Just like one can quiet-quit a job, they can subtly check out of a relationship or marriage.
It can be hard to tell if a partner is quiet-quitting if they're pleasant and easygoing.
Some signs of quiet-quitting include avoiding arguments, intimacy, and spending time together.
In the same way a person can quiet-quit a job they hate but can't leave yet, they can also quiet-quit a relationship or marriage.
"Quiet-quitting is all about putting in the least amount of energy and effort in doing as little as possible to keep things running," Suzanne Degges-White, a licensed counselor and professor at Northern Illinois University, told Business Insider.
In romantic partnerships, Degges-White said it can look like someone agreeing in their mind to stay married, but doing the absolute bare minimum to keep things amicable.
Partners can quiet-quit for all the same reasons they initiate breakups — they can feel unheard, bored, or that they're just in the wrong relationship. But because of the "quiet" part, it's not always easy to know when someone is politely checking out of the relationship.
Degges-White shared some common signs someone is quiet-quitting the relationship — whether they're fully conscious of it or not.
1. They don't crave intimacy with you
One of the biggest signs of quiet-quitting a relationship is no longer desiring intimacy, Degges-White said.
"It's like you don't want to be alone with this person," she said of quiet-quitters. They may not want to hold your hand, snuggle during a movie, have sex, or say goodbye in the morning — whatever used to be their way of physically or emotionally connecting with you.
2. They deliberately spend time apart from you
While sleeping in different beds and traveling apart can be signs of healthy independence within a relationship, too much space can be a sign your partner is trying to stay away from the reality of the relationship.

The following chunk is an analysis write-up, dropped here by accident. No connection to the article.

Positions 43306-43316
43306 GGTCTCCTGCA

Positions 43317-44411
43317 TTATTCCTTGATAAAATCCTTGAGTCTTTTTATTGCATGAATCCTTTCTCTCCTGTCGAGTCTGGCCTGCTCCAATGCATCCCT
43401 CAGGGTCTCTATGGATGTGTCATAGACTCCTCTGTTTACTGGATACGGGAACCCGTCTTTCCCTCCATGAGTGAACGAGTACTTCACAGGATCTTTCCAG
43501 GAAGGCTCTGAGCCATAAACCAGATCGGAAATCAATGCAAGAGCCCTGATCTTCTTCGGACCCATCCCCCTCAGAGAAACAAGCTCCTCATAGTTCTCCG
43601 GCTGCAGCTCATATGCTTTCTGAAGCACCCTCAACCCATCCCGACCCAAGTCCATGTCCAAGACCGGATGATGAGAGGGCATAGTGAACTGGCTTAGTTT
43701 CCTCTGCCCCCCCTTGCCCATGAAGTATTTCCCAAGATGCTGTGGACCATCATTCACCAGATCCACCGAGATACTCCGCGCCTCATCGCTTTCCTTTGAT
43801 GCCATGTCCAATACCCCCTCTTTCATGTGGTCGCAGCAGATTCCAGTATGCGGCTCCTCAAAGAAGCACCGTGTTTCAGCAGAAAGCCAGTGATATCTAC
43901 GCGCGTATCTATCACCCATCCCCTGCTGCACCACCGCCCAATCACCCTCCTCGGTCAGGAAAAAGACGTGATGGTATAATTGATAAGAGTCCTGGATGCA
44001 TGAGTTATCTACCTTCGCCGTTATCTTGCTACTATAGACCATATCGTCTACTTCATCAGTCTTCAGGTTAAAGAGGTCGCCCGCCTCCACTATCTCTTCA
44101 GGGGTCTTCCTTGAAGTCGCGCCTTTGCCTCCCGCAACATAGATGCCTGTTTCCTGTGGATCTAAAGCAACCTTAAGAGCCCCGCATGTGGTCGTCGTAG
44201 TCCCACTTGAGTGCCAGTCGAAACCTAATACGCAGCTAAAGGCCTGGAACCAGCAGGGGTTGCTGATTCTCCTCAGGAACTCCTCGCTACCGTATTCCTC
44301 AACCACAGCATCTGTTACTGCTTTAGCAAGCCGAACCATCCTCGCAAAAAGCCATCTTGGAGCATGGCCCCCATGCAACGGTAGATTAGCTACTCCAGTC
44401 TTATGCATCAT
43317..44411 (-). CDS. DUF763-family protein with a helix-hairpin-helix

Degges-White said that a relationship quiet-quitter may "look for reasons to get involved in an activity that their partner's not engaged in, just to spend time away."
This could look like them prioritizing their friends every weekend and being out of the house most nights — without making any effort to reconnect when you're both home.
3. They're not interested in what you're up to
Healthy relationships rely on couples responding to "bids" — open invitations to listen and ask questions about each other's days, passions, or interests.
Degges-White said that partners who are quiet-quitting see their life as "I do my thing and I let my partner do their thing," without caring about how their partner spends their day or even feeling jealous over who they spend it with. As long as they have their plans intact, they could care less about yours.
4. They don't bother to argue with you
A really important part of maintaining a healthy relationship is having productive arguments. But Degges-White said the "kicker" of quiet-quitting is your partner won't bother to challenge you on anything.
"They don't even want to care about arguing or disagreeing," she said "Conflict takes more energy than it's worth, and that's a sign of apathy."
Just like with quiet-quitting a job, Degges-White they won't try to improve things by pushing back or asking for more, because for whatever reason, they see it as a useless endeavor.
5. They don't like to be "the bad guy"
A very common reason people quiet-quit their marriages is because "they don't want to be the bad guy," Degges-White said.
If they have a history of dodging conflict or showing signs of an avoidant attachment style, they might be quiet-quitting because they don't want to be the ones to initiate a breakup or divorce — especially if they fear it won't be mutual. Degges-White said it's the same line of thinking that's behind ghosting.
The only caveat is if "you're in a high-conflict relationship, because conflict tends to escalate," she said. A partner might quiet-quit because they're legitimately afraid of how explosive your arguments can get.
6. They are modeling a "transactional marriage" and never wish to divorce
Whether they would never get divorced because of religious, cultural, or financial reasons, a quiet-quitting partner might have no wish to ever break up — but maintain a peaceful status quo.
Degges-White said a more transactional marriage isn't always the most unhealthy option. If a couple can get along as friends, "the relationship can endure a lot, as long as both people are on the same page."
She emphasized the importance of communicating boundaries and expectations with each other, so that the other person isn't left in the dark. Whether your partner is actively quiet-quitting or not, the least they owe you is honesty.
Read the original article on Business Insider